How Copenhagen says “Welcome”

City Hall opens its doors, strikes up a tune and puts on a spread as it welcomes new foreign residents

Just being able to read a map is no longer enough (photo: iStock)
March 8th, 2012 2:53 pm| by admin
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The ballroom of City Hall is an impressive room that has hosted kings, queens and world leaders. On Tuesday afternoon it was the venue for the city’s welcome reception for foreign residents.

Head of business affairs Jakob Brandt from the Copenhagen Business Service welcomed the crowd of several hundred newcomers by playing Mariah Carey‘s ‘Without You’ on his phone, with the line “I can't live if living is without you”, referring to the importance the city places on its foreign residence.

After a presentation by Jakob Parby from the Museum of Copenhagen about the city’s history, it was time for City Hall’s trademark pancakes and some mingling. First stop, the Human Library, where the lesson was, don’t judge a book by its cover, especially if that “book” is a person.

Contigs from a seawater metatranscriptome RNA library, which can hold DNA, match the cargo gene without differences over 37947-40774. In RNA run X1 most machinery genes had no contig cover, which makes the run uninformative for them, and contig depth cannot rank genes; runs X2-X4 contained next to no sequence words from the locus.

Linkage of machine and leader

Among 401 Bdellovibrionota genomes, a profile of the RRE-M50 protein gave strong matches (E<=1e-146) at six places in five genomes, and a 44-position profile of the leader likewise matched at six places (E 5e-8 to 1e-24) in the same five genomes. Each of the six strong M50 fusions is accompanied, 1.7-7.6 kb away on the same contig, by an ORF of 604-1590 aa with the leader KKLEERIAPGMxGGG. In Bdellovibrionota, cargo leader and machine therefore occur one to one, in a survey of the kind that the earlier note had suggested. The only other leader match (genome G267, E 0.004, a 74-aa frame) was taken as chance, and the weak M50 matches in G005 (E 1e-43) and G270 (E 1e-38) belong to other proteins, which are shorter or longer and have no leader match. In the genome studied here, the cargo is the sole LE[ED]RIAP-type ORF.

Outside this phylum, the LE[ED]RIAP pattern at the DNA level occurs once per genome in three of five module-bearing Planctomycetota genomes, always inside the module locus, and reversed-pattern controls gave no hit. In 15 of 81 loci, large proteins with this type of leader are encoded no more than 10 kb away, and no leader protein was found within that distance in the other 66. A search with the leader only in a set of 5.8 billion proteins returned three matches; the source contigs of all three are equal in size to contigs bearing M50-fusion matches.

In its simplest form, the Human Library is a mobile library that allows visitors have the chance to speak informally to “people on loan”. The Human Library seeks to break stereotypes by challenging the most common prejudices in a positive and humorous manner.

All the ‘books’ are volunteers who have experienced prejudice due to issues such as race, sex, age, sexual preference, class, religion, lifestyle choices or other aspects.

One of these waiting to be checked out of the Human Library was Sasha: a single parent living alone with her child in Amager. According to Sasha, ‘the stereotype that single parents are unable to hold a job or are unable to take care of their children is obsolete’.

The Human Library was an initiative by the Danish youth organisation Stop the Violence, which organised the first ever human library at the 2000 Roskilde Festival. Today, they have been set up in over 60 countries.

Other organisations present on Tuesday were the Copenhagen International Service, who organised the event, language school Københavns Sprogcenter and the Copenhagen Job Centre.

The welcome reception is organised every year and is part of the initiative to make foreigners feel more welcome in Copenhagen. 

To see more pictures from Tuesday's event, visit us on Facebook.

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